Atatiana Jefferson: Aaron Dean found guilty of manslaughter

After five days of testimony and more than 13 hours of deliberation, the jury returned a verdict on Thursday. The jury considered murder or manslaughter.

FORT WORTH, Texas — After more than 13 hours of deliberation, a Tarrant County jury found former Fort Worth officer Aaron Dean guilty of manslaughter in the death of Atatiana Jefferson.

Dean was charged in Jefferson’s death in 2019. The former Fort Worth officer shot Jefferson through a window while answering the house on an “open structure” call.

The process lasted five days, with various witnesses for both the prosecution and the defense. Including Jefferson’s nephew Zion Carr, Dean’s ex-partner Carol Darch and several others. Dean also took the stand himself to clear his name.

Dean was charged with murder, but the judge offered the option of considering a lesser charge of manslaughter.

This is the first time in Tarrant County that an officer has been convicted of manslaughter in an incident that occurred on duty.

Five days testimony

It has been more than three years since Jefferson’s neighbor James Smith called the police department’s 911 number to check on his neighbor. Smith said the doors to the East Allen Avenue home were open.

Dean answered the call at 2:25 a.m. on October 12, 2019 with his partner Darch. While Smith was filing a welfare check, the call was filed under an open structure call. When he responded, Dean checked the house and said he and his partner believed a burglary was in progress.

Dean said that as he stood at the back of the house, he saw a silhouette deep in the window of Jefferson’s house. He said he could only see the upper arms of the body and believed there was movement.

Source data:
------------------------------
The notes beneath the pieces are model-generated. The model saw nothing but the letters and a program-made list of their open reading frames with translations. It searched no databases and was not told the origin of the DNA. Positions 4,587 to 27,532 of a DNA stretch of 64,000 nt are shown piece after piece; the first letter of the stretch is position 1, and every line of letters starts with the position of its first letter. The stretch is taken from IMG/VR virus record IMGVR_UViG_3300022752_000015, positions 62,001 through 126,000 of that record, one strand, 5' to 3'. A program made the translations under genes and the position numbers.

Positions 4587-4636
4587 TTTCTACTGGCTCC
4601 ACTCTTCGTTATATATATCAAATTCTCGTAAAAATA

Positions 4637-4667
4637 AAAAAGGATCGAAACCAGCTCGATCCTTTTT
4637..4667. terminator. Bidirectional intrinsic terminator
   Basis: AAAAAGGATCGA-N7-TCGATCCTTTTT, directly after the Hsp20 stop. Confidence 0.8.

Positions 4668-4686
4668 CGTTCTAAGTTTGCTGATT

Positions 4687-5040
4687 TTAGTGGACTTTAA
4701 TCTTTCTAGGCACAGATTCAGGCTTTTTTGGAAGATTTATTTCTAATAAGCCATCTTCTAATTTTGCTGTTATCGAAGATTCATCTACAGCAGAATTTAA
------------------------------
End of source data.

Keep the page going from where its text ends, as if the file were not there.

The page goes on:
Dean was visibly shaken during his testimony, telling the jury he began shouting commands to the silhouette: “Hands up, show me your hands.”

After firing a round through the bedroom window, he heard Jefferson scream. He later found her gun on the ground by her feet.

From the moment Dean arrived at Jefferson’s home until he shot and killed her, the entire incident was over in a span of 1 minute and 17 seconds.

Prosecutor Dale Smith hammered Dean over the mistakes allegedly made in answering the call at Jefferson’s home, particularly the fact that he hadn’t seen the “silhouette’s” hands in the window, nor identified to his partner that it was a gun or Start CPR at Jefferson immediately.

“I know you’re crying now, but you didn’t cry when you decided not to give Atatiana CPR,” Smith said during his testimony to Dean.

Several witnesses were called to the stand and broke down what happened that October night with “use of force” experts from both sides, a 911 responder, Jefferson’s sister and especially her nephew Zion.

During the trial, community leaders expressed disappointment with the proceedings, particularly with the prosecutors.

“How can you rest? The three of us go [years] before we try. And you go three days? This is not acceptable. That was poor prosecution work,” said Cory Session, a community activist.

In total, the trial included five days of testimony. The prosecution and defense dropped their cases on December 13. The jury began deliberating just before lunch on December 14 and lasted until 7 p.m. The jury returned for deliberation on December 15 before returning to a verdict on Thursday afternoon. Atatiana Jefferson: Aaron Dean found guilty of manslaughter

Laura Coffey

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